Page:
Cujo suddenly got up. Almost as if she had called to him.”   

For me, that is the single most frightening moment in the entire blood-curdling novel.

Cujo’s disease is symbolic of Donna’s own transgressions. In order to move forward with her life, she’ll need to fight Cujo to the death. She must face the monster in the closet. She’ll have to grow up.

This could also shed some light on the reason Tad has to die. If Cujo is a reflection of Donna, perhaps Tad is a piece of her too. Her childhood, perhaps.

In fact, once Cujo and Tad are both in the ground, Donna and her husband Vic seem strangely more committed to their marriage than ever. There is grief, but there is also love. There is no longer any question of divorce. With the past now truly behind them, all they want is to live the rest of their lives together.  

Cujo is one of King’s darkest novels, not because a rabid dog is on the loose. Not because of the suffering Donna Trenton endues. Not even because a little boy dies. Cujo is one of King’s darkest because it reminds us that there are no small actions. From the mundane to the momentous, for every choice we make there will be consequences. A better life is one born of making better choices.

Choices better than the ones Donna and Cujo made.

Cujo. … It’s not for the cowardly.

Neither is growing up.  

“What I Learned from Stephen King” is a Cemetery Dance Online exclusive series of articles about the wisdom, spirituality and life lessons found within the works of Stephen King. Jason Sechrest began his career at 15 years old as a full-time staff writer for Femme Fatales magazine. His writing credits include LA Weekly,Frontiers, Entertainment Weekly and more. He tweets as @JasonSechrest and posts often on Facebook.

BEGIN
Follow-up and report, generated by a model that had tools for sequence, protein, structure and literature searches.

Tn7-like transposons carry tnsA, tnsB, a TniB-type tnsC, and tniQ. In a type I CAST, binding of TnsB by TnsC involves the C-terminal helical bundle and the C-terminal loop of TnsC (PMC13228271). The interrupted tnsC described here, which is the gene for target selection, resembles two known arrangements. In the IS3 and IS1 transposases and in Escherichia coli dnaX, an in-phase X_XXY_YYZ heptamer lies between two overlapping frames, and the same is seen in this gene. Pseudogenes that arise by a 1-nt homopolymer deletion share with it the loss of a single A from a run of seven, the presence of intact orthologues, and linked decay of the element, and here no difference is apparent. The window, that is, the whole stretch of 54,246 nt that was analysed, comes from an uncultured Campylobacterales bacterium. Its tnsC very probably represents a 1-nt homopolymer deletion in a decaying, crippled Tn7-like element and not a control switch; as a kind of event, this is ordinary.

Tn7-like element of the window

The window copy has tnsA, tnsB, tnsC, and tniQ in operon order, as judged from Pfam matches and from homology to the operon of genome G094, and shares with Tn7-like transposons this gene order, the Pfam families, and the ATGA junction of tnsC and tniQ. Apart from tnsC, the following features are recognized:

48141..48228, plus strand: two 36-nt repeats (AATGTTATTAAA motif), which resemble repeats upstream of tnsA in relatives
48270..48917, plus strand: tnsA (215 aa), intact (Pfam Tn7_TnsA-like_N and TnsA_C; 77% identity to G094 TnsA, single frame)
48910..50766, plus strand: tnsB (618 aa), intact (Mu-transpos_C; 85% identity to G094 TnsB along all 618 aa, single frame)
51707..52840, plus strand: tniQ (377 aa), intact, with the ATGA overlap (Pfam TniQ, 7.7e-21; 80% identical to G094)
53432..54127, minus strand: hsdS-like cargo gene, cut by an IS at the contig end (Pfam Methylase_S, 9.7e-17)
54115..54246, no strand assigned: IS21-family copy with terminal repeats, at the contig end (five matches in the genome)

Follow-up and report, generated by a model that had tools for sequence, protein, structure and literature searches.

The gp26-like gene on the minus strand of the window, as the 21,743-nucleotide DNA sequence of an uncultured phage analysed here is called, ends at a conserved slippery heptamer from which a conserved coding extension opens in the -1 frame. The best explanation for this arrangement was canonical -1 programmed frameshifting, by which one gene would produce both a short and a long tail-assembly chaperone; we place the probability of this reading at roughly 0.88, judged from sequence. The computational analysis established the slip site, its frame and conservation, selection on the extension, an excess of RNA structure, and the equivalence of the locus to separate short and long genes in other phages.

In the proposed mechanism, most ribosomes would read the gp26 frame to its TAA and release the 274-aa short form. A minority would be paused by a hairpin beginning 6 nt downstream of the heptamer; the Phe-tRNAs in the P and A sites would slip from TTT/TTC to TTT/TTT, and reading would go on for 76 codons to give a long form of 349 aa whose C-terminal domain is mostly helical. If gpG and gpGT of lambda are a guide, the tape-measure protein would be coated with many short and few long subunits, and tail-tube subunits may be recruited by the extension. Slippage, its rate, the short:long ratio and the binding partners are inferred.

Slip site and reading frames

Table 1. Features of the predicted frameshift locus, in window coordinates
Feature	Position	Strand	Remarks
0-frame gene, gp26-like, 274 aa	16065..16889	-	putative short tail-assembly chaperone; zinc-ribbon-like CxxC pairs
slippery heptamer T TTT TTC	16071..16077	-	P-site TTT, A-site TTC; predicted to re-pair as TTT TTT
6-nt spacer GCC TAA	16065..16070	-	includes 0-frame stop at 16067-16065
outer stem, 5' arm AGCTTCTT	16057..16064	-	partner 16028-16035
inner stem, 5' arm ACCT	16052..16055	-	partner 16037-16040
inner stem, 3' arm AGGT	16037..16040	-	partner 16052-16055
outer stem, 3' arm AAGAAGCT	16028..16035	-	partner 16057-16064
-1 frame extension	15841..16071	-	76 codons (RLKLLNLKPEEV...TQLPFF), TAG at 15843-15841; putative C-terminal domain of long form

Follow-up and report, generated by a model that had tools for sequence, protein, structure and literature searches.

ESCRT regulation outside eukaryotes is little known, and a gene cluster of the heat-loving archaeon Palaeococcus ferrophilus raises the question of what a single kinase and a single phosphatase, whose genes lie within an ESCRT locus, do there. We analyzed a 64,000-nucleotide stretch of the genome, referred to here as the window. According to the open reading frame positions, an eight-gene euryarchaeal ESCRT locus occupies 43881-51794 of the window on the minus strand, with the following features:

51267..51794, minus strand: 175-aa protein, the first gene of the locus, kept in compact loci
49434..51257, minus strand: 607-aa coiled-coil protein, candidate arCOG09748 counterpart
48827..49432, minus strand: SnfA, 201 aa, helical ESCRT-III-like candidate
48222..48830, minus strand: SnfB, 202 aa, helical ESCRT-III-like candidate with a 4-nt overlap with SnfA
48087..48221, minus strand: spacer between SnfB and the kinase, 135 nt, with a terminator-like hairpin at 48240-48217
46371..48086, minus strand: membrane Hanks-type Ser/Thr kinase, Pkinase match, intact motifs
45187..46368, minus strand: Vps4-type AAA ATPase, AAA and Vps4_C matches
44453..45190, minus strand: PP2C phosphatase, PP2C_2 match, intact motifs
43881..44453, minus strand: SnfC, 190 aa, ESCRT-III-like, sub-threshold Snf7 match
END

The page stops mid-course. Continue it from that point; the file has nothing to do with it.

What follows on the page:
7 thoughts on “What I Learned from Stephen King: 'Cujo' and Other Grown-Up Monsters”

  1. This perspective has made an immediate and important impact on how I perceive women’s issues. Wow! I never knew Cujo should be on the required reading list for women’s studies majors! You have me thinking…

  2. One thing I forgot before re-reading Cujo as an adult was that Cujo was not a villain. He wanted to be a good dog. His pain at not being able to be that was a big part of what the makes the book great. This was impossible to put into the movie which is how most people know the story so Cujo has come to mean a large mean dog. Or an ironic chihuahua.

  3. What a wonderful reflection on this story. You’ve made me want to read it again – and I just finished a re-read less than a month ago!

  4. Holy shit, dude.
    You just reviewed the hell out of this one. It’s been many (many) years since I read it, and while I recall a vague notion of a deeper story between the mom & her husband, I KNOW I didn’t catch all of this. “…it reminds us that there are no small actions.” “[This book] is not for the cowardly… Neither is growing up.” Damn, boy. You just pushed Cujo to the top of my re-read list.